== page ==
Frobisher, Drake, and Hawkins, some of the great names of England's maritime history lived during the reign of the first Queen Elizabeth. Martin Frobisher came to Scarborough long before he gained great fame as the commander of one of the largest and most effective ships that fought the Spanish Armada. This Yorkshireman was 27 years of age when he rode into the town in September 1565. At London, during the previous Easter he had bought the ship "Matthew", 100 tons, from one John Baxter, who is said to have been a gentleman and Bailiff of Scarborough. The vessel was renamed the Mayflower.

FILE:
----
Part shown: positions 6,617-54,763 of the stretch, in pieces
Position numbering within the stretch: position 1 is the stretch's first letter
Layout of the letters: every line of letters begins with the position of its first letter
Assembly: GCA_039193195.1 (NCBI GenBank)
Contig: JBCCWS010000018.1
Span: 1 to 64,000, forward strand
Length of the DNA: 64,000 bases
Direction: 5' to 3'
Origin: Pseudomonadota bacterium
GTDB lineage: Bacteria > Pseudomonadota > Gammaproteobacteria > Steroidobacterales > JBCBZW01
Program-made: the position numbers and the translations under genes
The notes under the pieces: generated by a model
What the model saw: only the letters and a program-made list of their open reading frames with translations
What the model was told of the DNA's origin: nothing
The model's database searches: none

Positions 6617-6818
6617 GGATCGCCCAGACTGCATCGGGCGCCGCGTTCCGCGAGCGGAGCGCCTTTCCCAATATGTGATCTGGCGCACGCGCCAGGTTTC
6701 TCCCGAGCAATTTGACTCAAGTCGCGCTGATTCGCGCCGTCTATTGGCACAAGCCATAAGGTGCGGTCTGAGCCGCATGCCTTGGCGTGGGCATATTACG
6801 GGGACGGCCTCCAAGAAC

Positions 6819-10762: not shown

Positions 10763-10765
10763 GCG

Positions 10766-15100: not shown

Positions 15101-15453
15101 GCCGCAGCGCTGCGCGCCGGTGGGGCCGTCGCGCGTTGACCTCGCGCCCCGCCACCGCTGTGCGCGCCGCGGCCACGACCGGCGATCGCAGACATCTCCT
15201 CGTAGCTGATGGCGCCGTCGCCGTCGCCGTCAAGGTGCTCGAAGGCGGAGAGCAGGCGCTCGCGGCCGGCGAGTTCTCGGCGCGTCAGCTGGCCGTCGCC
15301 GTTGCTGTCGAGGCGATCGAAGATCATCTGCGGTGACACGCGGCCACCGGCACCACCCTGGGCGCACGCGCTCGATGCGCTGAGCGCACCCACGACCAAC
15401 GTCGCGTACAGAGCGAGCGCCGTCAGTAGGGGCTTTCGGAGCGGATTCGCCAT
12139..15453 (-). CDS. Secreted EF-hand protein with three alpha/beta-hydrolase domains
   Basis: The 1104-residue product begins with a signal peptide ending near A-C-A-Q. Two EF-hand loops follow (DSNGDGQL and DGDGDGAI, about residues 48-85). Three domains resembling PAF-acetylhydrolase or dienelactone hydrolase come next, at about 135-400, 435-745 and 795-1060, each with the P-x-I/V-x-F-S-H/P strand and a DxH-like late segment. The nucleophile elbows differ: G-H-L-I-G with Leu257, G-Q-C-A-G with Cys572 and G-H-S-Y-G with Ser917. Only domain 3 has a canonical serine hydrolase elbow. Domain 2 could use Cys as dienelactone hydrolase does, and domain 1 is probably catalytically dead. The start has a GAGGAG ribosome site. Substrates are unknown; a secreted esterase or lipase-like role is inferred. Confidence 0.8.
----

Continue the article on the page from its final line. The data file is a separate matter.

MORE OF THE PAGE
She left the Tyne in December with 36 aboard,intending a voyage to Guinea.They reached the Humber, during a severe storm and were driven northwards with masts and sails ruined. They had to beach her at Scarborough on Christmas Day. The brothers Martin and John Frobisher stayed for some months trying to raisefresh funds. An Admiralty bailiff arrested the shipfor debt, but they raised a loan of £50.T he shipreturned to Newcastle to load a cargo of coal. At Scarborough they took on victuals, including three tons of biscuit, a hogshead of beef and quantities of butter, cheese and bread. Becalmed in Bridlington Roads for a day and a half, John Frobisher went ashore to visit Barmston Hall, taking on a sheep and capons. The Frobishers were suspected of piracy in the Thames, the next year.